Experts criticize BMI as a flawed measure of obesity. What other methods are effective?
New research presented at ENDO 2023 challenges the accuracy of BMI in identifying obesity. The study adds to mounting evidence exposing the limitations of BMI as a measure of obesity. BMI, calculated using height and weight, is commonly used to determine obesity and overweight status. However, experts argue that relying solely on BMI fails to capture the complexities of excess fat in the body. Nonetheless, BMI continues to be widely employed by medical professionals to assess risks of Type 2 diabetes, heart disease, and eligibility for anti-obesity treatments and surgeries.
New research reveals that BMI fails to accurately identify cases of obesity. The study analyzed data from nearly 10,000 American adults between 2011 and 2018 and found that approximately 36% of participants were classified as obese based on their BMI. However, when using an alternative measure, such as body fat percentage, the obesity rate jumped to 74%. It’s important to note that the study has not yet undergone peer review.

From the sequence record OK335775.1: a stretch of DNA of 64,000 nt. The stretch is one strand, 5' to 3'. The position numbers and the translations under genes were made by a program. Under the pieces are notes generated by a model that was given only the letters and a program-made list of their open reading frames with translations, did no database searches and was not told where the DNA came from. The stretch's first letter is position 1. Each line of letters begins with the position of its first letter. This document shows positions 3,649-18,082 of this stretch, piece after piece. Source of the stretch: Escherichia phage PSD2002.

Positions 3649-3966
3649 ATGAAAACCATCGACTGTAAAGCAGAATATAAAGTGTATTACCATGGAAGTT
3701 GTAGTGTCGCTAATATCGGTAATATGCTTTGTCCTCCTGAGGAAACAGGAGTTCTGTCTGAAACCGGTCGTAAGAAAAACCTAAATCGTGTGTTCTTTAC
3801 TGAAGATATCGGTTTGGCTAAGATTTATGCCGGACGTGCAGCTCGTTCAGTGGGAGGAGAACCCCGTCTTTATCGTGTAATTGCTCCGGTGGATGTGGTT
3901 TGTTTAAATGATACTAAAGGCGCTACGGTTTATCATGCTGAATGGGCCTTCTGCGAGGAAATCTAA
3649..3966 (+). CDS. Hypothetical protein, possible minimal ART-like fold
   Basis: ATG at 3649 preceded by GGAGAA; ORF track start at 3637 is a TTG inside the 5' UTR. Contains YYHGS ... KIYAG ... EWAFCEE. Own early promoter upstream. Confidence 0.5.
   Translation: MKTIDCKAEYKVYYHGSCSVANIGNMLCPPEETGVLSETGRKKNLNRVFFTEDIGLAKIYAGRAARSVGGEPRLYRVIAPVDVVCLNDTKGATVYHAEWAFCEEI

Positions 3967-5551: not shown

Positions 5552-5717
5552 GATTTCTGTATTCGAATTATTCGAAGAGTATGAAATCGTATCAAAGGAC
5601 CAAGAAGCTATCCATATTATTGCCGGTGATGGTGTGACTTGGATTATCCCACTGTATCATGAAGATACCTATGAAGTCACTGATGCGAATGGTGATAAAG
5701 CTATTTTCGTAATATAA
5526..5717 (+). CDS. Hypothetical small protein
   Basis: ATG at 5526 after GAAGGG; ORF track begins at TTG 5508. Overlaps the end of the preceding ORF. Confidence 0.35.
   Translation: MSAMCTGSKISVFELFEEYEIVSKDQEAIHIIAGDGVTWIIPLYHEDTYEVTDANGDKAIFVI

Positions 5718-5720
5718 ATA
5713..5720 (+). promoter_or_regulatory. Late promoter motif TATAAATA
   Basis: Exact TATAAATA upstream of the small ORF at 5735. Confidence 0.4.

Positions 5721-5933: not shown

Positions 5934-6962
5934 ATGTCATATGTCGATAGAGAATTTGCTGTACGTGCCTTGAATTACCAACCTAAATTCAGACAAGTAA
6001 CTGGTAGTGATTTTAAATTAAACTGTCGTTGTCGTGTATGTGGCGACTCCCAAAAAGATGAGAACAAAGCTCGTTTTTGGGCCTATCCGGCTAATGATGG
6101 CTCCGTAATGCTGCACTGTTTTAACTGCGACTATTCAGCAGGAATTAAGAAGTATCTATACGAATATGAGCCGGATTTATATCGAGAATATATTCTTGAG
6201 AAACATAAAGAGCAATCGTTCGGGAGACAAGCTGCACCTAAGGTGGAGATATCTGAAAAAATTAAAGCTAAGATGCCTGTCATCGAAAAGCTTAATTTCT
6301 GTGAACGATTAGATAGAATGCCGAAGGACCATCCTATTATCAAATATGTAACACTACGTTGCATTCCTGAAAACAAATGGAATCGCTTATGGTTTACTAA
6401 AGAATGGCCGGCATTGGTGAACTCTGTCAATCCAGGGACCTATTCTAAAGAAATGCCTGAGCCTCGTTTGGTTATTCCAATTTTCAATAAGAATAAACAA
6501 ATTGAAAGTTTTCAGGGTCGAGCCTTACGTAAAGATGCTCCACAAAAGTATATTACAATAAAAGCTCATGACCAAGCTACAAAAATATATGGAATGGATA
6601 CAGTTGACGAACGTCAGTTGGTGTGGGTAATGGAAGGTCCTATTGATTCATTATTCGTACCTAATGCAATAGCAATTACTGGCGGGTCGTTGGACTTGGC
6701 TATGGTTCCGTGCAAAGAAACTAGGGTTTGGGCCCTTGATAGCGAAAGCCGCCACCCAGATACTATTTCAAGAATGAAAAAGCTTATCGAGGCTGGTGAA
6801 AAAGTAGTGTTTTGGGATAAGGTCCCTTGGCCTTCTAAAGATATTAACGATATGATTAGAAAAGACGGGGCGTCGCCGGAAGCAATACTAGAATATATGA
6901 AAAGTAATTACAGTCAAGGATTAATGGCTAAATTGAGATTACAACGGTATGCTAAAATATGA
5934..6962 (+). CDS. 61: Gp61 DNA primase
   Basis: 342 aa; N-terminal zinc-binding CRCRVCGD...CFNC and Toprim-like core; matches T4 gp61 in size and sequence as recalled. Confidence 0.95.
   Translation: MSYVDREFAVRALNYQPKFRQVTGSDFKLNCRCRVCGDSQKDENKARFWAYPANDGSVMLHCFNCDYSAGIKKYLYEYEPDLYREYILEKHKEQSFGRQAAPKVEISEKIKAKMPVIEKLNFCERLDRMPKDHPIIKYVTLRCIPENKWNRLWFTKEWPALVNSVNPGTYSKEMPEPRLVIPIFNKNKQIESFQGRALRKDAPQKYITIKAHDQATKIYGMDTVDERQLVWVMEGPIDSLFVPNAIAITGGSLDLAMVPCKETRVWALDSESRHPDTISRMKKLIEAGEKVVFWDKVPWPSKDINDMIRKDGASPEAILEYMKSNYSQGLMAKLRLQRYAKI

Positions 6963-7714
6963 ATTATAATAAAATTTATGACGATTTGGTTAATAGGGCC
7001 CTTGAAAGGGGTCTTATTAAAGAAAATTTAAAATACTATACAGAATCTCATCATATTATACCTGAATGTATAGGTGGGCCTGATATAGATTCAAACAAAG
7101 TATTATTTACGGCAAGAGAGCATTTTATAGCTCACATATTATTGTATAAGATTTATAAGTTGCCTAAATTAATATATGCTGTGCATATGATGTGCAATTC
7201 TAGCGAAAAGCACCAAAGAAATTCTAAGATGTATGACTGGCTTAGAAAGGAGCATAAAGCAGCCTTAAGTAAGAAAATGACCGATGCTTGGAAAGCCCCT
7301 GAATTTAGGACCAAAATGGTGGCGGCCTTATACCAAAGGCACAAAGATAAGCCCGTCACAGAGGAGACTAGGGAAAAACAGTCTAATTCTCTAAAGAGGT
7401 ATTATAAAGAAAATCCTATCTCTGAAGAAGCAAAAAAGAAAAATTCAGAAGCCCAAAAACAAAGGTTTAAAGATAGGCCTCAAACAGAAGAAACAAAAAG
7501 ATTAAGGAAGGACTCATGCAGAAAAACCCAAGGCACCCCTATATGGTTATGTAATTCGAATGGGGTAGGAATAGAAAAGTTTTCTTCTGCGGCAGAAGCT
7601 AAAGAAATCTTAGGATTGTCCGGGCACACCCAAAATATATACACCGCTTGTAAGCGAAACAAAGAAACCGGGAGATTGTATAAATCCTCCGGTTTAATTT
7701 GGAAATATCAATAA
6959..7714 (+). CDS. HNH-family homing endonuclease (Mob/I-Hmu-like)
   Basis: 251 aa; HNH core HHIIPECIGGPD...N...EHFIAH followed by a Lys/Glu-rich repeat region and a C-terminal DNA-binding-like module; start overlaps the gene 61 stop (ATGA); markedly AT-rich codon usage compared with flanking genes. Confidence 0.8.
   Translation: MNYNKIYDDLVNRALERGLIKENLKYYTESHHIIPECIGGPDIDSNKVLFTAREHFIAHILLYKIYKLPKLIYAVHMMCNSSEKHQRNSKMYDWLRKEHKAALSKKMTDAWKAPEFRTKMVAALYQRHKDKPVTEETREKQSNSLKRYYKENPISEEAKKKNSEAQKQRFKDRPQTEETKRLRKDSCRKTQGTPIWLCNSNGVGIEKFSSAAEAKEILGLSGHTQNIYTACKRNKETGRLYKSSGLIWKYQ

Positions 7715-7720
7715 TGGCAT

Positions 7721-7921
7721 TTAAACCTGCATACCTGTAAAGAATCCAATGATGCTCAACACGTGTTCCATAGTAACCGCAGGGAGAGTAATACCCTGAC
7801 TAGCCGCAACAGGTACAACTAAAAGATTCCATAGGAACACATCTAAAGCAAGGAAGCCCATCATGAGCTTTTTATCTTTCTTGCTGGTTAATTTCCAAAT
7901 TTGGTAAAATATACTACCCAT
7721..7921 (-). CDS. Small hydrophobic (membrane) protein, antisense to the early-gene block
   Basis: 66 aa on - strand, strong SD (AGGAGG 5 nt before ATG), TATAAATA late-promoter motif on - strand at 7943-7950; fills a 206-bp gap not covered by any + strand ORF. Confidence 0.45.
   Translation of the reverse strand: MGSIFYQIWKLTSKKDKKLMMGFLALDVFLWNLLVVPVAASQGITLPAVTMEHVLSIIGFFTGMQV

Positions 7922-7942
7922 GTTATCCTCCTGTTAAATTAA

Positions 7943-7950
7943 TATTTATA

Dr. Aayush Visaria, the lead researcher from Rutgers Robert Wood Johnson Medical School, emphasizes that the prevalence of obesity is greatly underestimated when relying solely on BMI. Many individuals with a normal BMI actually have obesity.
Recognizing the limitations of BMI, the American Medical Association is taking steps to move away from its sole reliance on this measure to assess health and obesity. They now advise healthcare professionals to consider additional factors such as body fat distribution, waist circumference, and the proportion of weight derived from fat when assessing obesity.